Opening keynote lecture by Ruth Morrow
Rock, Paper, Scissors: Cultures of Resilience
Monday 12 February, 10:30-11:30
KdG, Campus Zuid, Brusselstraat 45, 2018 Antwerp / Aula Parein
Drawing on experience of diverse material and socio-political practices, this lecture will present a list of themes to explore and test the term 'resilience' and discuss what skills, thoughts, and positions we as designers, professionals and citizens might contribute in order to develop cultures of resilience in our locale.
Lunch lecture by Henry Ng and Isaiah Miller
Making NYC Risk Landscape
Tuesday 13 February, 12:30-13:00
UAntwerp, campus Mutsaard, aula K1.6 (Dieperik)
In 2015, we worked with NYC Planning and the Office of Emergency Management to develop a publication called NYC Risk Landscape, which was the first hazard mitigation guide to be published by a city planning agency. Our lecture will discuss the process of developing the guide and working with city agencies to tackle the challenges of climate change.
Keynote lecture by Julien Ineichen
Urban Prototyping: when tactical urbanism meets the third teacher concept to improve learning processes
Wednesday 14 February, 19:00
UAntwerp, Campus Mutsaard, aula K1.6 (Dieperik)
‘If you really want to shift a culture, it’s two things: its habits and its habitats – the habits of mind, and the physical environment in which people operate.’ Ken Robinson1
Thinking about new ways of teaching urbanism is essential to meet the demands of today's cities. We know that, in order to truly transform public spaces into places of exchange and coexistence, we need collective efforts. Simultaneously, in formal and informal learning organizations, we identify a deep desire to transform the traditional teaching and learning habits, with studio based learning and collective processes.
But how can we get there? We truly believe that our commitment in our own urban environment can teach us the way to reach this goal. As Loris Malaguzzi said:
‘There are three teachers for children: adults, other children, and their physical environment. The environment is the third teacher.’2
In the 1970s, the psychologist Loris Malaguzzi explored, in the Italian city of Reggio Emilia, this idea that the environment is a central element of the teaching process. His pedagogical approach, known as 'third teacher', was developed for all the public day-care centers of this city of 160.000 inhabitants. The success of this approach was meanly spread in the Anglo-Saxon world where many schools are now following these principles.
Because we believe that the true learning process arises from direct contact with the problem, its actors and its specificities, we took the concept of the ‘third teacher’ even further and explore the urban environment as a teacher who can teach us how to build cities.
In this case, learning would be encouraged by the physical experimentation of the space, using the Urban Prototyping methodology, both for concrete interventions, and for learning processes with students.
This was what happened in Recife (Brazil) in 2016, for a section of an urban requalification project at the riverbanks of the Capibaribe. This work was conducted by a research team of the Federal University of Pernambuco (UFPE), the INCITI - Research and Innovation for the Cities, in partnership with the city hall. The two coordinators of this research team are co-founders of the En Commun association.
The experiment began with a three-days in-situ residence that had, as first objective, to reveal the main problems of this specific space and to associate its different actors. Afterwards, during four months, twenty-two collaborative workshops of two types were released: training workshops and public space occupation.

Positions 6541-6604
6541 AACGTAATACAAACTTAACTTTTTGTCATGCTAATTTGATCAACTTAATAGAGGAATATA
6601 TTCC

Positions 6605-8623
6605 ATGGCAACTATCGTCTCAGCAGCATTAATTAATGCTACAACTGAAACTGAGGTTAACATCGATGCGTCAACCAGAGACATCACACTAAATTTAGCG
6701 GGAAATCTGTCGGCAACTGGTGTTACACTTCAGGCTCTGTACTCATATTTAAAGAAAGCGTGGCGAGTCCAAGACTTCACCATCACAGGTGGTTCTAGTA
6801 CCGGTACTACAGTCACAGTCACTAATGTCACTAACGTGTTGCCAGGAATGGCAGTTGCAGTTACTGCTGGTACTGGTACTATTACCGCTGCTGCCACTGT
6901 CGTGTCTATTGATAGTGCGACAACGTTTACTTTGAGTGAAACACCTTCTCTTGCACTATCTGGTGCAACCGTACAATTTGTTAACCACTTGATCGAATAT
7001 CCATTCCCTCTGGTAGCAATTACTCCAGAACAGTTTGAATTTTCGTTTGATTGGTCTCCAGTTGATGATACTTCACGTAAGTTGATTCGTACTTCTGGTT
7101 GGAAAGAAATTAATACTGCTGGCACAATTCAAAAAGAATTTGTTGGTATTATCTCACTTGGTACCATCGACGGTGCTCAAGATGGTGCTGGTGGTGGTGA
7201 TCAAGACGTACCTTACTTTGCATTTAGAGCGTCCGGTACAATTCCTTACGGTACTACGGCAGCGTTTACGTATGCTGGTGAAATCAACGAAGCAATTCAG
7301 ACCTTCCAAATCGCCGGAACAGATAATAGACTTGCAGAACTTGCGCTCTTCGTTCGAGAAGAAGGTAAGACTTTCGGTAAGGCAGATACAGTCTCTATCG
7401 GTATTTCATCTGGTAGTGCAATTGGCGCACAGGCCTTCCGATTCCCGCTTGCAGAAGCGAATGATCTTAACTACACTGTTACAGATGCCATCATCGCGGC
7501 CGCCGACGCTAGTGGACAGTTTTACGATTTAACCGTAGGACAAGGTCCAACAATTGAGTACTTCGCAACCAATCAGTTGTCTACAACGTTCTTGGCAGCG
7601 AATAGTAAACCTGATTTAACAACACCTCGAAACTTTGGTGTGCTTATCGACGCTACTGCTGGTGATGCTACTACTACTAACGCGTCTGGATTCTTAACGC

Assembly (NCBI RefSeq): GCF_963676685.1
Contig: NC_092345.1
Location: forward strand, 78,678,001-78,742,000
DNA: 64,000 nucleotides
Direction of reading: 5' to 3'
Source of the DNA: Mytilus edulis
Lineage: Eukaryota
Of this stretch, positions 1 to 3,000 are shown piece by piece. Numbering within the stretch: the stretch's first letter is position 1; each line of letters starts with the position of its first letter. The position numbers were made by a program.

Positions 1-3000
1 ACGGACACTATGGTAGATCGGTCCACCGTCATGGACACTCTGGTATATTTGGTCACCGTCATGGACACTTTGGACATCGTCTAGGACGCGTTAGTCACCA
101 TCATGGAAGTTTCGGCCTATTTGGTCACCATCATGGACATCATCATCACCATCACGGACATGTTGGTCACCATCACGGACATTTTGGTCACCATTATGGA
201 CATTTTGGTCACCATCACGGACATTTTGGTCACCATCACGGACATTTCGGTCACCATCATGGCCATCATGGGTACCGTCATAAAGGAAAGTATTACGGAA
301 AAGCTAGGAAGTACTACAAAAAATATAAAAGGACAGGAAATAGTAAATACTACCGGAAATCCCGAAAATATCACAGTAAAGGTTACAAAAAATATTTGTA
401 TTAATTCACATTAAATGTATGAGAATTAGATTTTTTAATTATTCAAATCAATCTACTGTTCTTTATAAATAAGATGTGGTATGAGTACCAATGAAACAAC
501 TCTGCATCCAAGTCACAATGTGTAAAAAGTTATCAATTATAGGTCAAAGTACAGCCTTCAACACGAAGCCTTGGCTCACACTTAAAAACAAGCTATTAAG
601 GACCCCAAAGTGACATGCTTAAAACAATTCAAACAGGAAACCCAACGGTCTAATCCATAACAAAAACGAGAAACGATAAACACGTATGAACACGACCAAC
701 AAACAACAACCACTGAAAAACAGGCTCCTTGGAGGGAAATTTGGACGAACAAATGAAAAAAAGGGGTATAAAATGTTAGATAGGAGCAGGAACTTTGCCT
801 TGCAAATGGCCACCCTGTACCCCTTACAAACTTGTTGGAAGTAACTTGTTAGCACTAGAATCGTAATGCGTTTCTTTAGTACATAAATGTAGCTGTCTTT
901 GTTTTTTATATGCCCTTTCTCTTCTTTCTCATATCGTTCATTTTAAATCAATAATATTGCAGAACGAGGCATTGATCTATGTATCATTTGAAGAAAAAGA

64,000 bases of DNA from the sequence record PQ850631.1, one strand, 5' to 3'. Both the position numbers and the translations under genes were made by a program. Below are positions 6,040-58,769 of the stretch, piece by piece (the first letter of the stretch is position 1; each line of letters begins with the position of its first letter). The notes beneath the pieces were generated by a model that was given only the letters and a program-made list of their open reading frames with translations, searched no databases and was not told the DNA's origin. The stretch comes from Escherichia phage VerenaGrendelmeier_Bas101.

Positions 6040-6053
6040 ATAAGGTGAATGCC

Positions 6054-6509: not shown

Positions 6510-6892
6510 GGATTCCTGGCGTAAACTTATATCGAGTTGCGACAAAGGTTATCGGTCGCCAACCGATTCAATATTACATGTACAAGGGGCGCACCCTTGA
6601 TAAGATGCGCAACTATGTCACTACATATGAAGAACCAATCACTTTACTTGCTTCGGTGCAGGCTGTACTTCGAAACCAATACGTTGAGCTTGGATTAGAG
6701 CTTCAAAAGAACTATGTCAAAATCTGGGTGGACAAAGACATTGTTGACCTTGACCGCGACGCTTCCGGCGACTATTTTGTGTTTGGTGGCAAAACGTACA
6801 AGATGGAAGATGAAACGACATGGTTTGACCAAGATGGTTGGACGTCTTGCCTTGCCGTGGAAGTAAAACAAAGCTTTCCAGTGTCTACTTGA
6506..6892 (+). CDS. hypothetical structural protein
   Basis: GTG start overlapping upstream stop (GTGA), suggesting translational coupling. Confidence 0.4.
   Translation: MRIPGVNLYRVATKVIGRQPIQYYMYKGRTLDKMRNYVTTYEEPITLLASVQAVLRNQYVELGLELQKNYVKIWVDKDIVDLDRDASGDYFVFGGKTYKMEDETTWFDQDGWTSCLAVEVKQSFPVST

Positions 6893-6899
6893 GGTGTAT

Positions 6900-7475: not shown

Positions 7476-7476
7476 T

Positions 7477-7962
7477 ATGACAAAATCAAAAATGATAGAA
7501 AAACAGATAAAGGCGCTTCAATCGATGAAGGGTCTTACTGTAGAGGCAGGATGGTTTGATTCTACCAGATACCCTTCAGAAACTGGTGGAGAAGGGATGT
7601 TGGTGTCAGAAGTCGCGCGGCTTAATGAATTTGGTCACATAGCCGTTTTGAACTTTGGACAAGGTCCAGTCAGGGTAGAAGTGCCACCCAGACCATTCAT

With the training workshops, the idea was mainly to address the informal traders - object of numerous conflicts -, to integrate them in a process of organization and formalization. With the public space occupation workshops, the main objective was to encourage the involvement of the residents. This cycle of participative process was finalized with a two weeks urban prototyping workshop. The ephemeral urban construction on 1:1 scale allowed the INCITI team to test the project: verify the feasibility of the proposal and see if it responded to the problems, and did not generate new conflicts3. All steps were coordinated by INCITI's "practitioner-researchers", realized by dozens of students and DIY experts, and supported by technicians of the city Hall and local inhabitants.
From this case study we want to discuss, in this keynote, the tactical urbanism approach through the eyes of the 'third teacher' and describe and understand how the urban prototyping method can contribute to improve the learning process of urban planners and architects.
The content of this contribution has been presented for the first time in 2017 at the Architecture Connects International peer reviewed conference of the association of architectural educators4.
1 Cannon Design, VS Furniture and Bruce Mau Design, The Third Teacher: A collaborative project, (New York: Abrams, 2010), p. 58.
2 C. Edwards, L. Gandini, and G. Forman, I cento linguaggi dei bambini. L’approccio di Reggio Emilia all’educazione dell’infanzia (Junior, 2010).
3 Romain Gallart, Julien Ineichen, L’activation: une stratégie de coconstruction du projet urbain? (Paris: GIS Democratie et Participation, 2017).
4 Romain Gallart, Ursula Troncoso, Julien Ineichen, Urban Prototyping: when tactical urbanism meets the third teacher concept to improve learning processes. (Oxford: Architecture Connects, aae conference, 2017)
Lunch lecture by Leonid Slonimskiy and Artem Kitaev
Thursday 15 February, 12:30-13:00
UAntwerp, Campus Mutsaard, aula K1.6 (Dieperik)
Lecture, describing the work of KOSMOS, our research projects and inspiration. The focus will be done on temporary architecture, infrastructures and public shared spaces.